"Best" currency denominations

I’m thinking of getting poker chips for use as currency for Euro-style boardgames (the supplied paper money is often lacking in quantity and/or quality)

But this really isn’t a gaming question. I’m trying to figure the “best” currency distribution.

US coins are 1/5/10/25/50/100
US paper money is 1/(2)/10/20/50/100

For the purposes of this thread denominations over 100 don’t matter.

In a game thread someone pointed out that 10 really isn’t much better than two 5s and so does it this way : 1/5/25/100

I define “best” as having the least denominations without having “too much” of one denomination to get any total.

Binary 1/2/4/8/16/32/64 would have nore more than one kind for any total, but too many denominations.

For some reason “e” sticks to be as a possible optimal base so you would have
1/3/9/27 for denominations - no more than 3 of any one to get every value from 1 to 100 - but this would be too wierd for most people.

Mods: I think this may have a math answer, but move to game room if you think best.

Casinos, who have been doing this for a very long time, typically go with $1 (sometimes just in the form of a dollar coin)/$2.50 (helpful in paying off 3:2 bets in blackjack, or odds bets in craps sometimes)/$5/$25/$100/higher.

Your table limits will influence your decision.

As for relative distribution, you’ll probably want to have more of the chips that are close to the table minimum bet, fewer of the higher chips.

How do casinos outside the US do it? Reflecting familiarity with local currency might be a factor, too.

When we play poker, our chips rank as follows:


Works pretty well for us. YMMV

I’ll second this as well, except that I use cents instead of “dollars”. I’m a cheapskate. :smiley:

I once built a craps pit in order to learn to play better/teach my friends to play. I got pretty good at instantly figuring payout odds . . . and the key to this was to pre-figure out what you would do in the case of an “off math” bet. If I had a 3:2 payoff, I’d give the guy a white chip ($1.00 on our table) and a couple of spare quarters in a cup, for his dollar bet.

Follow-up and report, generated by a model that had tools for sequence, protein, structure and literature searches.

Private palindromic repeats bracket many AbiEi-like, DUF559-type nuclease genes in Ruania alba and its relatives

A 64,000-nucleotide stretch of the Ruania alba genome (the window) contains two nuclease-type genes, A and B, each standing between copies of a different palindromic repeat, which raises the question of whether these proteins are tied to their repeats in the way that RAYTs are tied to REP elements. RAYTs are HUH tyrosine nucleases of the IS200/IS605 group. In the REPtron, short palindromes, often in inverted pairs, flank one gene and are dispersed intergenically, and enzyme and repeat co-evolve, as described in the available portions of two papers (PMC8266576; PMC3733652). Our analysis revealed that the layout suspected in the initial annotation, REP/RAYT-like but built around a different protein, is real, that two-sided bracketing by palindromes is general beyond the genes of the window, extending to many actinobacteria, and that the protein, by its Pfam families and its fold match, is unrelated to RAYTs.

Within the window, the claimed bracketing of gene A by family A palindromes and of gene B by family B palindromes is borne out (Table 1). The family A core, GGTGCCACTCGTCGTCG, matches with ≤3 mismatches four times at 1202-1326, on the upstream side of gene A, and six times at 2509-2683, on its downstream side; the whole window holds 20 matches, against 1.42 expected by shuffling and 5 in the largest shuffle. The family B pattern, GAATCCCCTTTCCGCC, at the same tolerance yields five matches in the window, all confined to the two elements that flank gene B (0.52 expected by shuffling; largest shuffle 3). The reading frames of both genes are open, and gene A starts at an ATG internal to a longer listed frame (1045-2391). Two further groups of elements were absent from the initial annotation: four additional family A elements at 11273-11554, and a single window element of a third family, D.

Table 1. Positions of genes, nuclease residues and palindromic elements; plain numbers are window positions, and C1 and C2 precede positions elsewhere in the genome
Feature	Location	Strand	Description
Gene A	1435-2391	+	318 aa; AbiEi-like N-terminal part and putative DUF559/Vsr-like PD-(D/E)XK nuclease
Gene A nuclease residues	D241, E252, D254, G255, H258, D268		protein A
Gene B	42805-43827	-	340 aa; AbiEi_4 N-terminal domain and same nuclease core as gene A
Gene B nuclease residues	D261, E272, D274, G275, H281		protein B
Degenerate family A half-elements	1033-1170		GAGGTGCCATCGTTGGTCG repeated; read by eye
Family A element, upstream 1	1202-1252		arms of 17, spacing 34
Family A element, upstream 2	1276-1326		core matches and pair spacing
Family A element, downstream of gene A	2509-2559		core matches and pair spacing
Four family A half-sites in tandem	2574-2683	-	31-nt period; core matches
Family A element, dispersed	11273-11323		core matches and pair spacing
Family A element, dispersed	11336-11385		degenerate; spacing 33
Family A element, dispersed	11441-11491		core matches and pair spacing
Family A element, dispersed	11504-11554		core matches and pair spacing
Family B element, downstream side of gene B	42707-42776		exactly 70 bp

What I’ve also done is set up a spreadsheet with a “base value for color” (basically, your most numerous chip’s worth) that would compute out X white, Y, red, and Z black for a $20.00 buy in if white is $1.00. If White was $0.25, the chip counts would change. That’s easy to do with a spreadsheet–I can send you an example if you want. Just PM me.

I learned a lot trying to deal/play/teach: I’m the most disorganized organized criminal. I’ll never be invited to run a mafia poker room. :smack:

Given that the U.S. and Canadian dollars, as well as the pound and the Euro, price out at roughly the same order of magnitude, my experience has been that all use similar chip breakdowns (for instance, all have five and 25 and 100 unit chips whereas I have never seen a 10-unit or 50-unit chip anywhere). However, this means you have to be conscious of what currency you’re actually playing in, as losing that green (25) chip in Canada hurts a lot less than in the U.K.

The only other baseline I have is recollections of playing in France before the Euro came in. I seem to recall 500 franc chips.

Casino dealer here.

1/5/25/100 works very well.

5 singles = 5
5 nickels = 25
4 quarters = 100

If you need nigher denominations either grab some 500 values, or casino chips are made to stack anyway so it’s pretty easy to stack them up.

Another retired casino guy here.

I agree the Vegas way works very well: 1, 5, 25, 100, 500, 1000, 5000.

While you might occasionally see $2.50 chips on Blackjack tables, it is much more common to see 50 cent coins.

New Jersey casinos (and some others) sometimes use $10 chips on some poker games. In Las Vegas they don’t play $5/$10, they play $4/$8 and $6/$12 … makes the pots look bigger and thus stimulates action in the game.

The OP mentioned “Euro-style boardgames” – I’m not sure what that means, but Euro coins and notes are issued in a 1/2/5/10/20/50/100 pattern. That fits a binary progression reasonably well into a decimal system, and tries to make calculations as easy as possible.

(But perhaps I’m biased, because Australia has used the same pattern since 1966 when it left LSD.)

I lot of my British friends here in America complain about 25c as a denomination. They are used to 20 pence coins, which is just as sensible a choice (maybe even more sensible). Figuring things like 63c befuddles them for a second because they expect to deal with the tens place first (3x20c=60c) but can’t. The US system is actually a bit silly in this regard, since the first thing you have to do is shift up to a 25c, 50c, or 75c baseline. (2x25c+2x5c+3x1c, assuming no 10c piece here.)